There is no evidence to suggest that wind farms deter tourists from visiting notable areas around the UK. Indeed many wind farms have themselves become tourist attractions.
Studies on the impact of wind turbines on tourism around the UK include:
In a visitor survey undertaken on behalf of the Wales Tourist Board, Investigation into the Potential Impact of Wind Farms on Tourism in Wales, 68% of respondents said that if the number of wind farms increased in Wales it would make no difference to the likelihood they would take holidays in the Welsh countryside.
- 2002: A study carried out by MORI Scotland in 2002, Tourist Attitudes Towards Wind Farms, investigated the views of tourists visiting Argyle and Bute. The research concluded that the wind farms in Argyle and Bute were not seen as having a detrimental impact on the tourists’ visits and would not deter them from visiting the area again.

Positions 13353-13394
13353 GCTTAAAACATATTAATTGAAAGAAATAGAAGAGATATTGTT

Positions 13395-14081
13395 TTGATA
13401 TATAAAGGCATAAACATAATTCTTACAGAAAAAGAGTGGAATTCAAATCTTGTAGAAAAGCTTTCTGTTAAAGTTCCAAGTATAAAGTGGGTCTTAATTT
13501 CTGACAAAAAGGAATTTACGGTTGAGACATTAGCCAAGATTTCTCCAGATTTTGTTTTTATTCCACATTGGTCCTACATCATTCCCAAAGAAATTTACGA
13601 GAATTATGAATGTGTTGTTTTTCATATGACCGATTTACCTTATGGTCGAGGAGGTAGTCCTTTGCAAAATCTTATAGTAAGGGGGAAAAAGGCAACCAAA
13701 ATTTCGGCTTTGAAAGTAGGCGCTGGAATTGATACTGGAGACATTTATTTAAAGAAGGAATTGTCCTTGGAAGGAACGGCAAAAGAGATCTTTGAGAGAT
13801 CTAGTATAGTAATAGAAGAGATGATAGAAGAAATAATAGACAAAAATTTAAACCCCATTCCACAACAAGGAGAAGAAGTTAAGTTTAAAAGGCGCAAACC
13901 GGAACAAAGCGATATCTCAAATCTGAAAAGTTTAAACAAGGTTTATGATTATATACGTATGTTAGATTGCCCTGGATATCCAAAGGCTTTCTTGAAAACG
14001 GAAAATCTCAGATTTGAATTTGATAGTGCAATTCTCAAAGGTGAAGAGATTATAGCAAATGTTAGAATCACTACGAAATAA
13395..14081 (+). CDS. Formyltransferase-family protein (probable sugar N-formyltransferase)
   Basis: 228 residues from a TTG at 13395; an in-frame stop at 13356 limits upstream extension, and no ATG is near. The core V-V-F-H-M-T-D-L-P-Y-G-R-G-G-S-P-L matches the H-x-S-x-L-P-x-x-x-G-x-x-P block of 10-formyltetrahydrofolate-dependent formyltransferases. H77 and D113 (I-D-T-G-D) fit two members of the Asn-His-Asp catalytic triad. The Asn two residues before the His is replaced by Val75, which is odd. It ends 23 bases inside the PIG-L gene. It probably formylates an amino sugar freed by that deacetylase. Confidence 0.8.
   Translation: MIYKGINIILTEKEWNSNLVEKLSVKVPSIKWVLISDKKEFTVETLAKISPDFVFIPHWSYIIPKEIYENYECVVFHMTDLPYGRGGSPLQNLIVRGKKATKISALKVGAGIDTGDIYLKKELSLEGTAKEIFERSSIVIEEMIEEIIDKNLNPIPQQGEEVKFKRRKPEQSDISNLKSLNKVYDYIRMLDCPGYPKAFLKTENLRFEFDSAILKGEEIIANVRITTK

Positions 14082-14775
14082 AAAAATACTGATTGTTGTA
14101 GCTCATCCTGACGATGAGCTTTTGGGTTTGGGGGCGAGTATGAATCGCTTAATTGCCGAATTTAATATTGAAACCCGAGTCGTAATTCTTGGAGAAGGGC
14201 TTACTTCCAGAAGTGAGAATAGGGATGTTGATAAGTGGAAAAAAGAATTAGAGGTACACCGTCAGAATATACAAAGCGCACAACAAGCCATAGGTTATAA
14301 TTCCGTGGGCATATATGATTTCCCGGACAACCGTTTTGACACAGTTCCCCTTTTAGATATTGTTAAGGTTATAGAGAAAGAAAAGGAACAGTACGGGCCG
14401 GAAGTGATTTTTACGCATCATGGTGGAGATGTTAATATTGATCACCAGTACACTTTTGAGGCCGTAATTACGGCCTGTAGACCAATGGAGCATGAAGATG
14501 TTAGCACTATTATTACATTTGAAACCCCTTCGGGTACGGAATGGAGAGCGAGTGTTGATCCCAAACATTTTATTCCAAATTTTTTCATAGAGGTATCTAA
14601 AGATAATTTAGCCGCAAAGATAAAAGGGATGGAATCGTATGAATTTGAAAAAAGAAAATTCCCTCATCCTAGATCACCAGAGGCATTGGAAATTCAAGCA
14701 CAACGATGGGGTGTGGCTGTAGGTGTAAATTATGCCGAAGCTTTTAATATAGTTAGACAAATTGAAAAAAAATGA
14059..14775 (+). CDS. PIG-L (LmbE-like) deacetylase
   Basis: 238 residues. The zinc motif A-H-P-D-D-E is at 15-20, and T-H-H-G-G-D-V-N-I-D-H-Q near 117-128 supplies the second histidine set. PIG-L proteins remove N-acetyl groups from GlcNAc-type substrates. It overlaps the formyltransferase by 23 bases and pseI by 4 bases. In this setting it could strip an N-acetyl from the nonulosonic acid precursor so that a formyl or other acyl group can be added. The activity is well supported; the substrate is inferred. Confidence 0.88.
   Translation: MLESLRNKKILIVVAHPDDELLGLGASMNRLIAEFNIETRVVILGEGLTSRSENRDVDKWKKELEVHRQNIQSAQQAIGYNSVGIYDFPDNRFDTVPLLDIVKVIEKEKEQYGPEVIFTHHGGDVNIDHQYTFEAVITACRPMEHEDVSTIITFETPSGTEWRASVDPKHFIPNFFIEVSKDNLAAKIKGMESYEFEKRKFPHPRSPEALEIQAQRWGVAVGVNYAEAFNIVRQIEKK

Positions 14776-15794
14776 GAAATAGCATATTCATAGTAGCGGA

- 2008: A Scottish Government-commissioned report in 2008, The Economic Impacts of Wind Farms on Scottish Tourism, showed that wind farm developments have a minimal impact on tourism provided they are not visible from important tourism corridors. 93% of those interviewed said wind farms would have no impact on their decision to return to Scotland.
Many large wind farms are now required to include a socio-economic assessment as part of the planning application. Increasingly these studies are incorporating the development of innovative schemes, such as visitors’ centres, to encourage people to visit the wind farm and the local area.
Visitors’ centres for wind farms include:
RenewableUK (formerly the British Wind Energy Association) website contains some analysis of wind farms and tourism.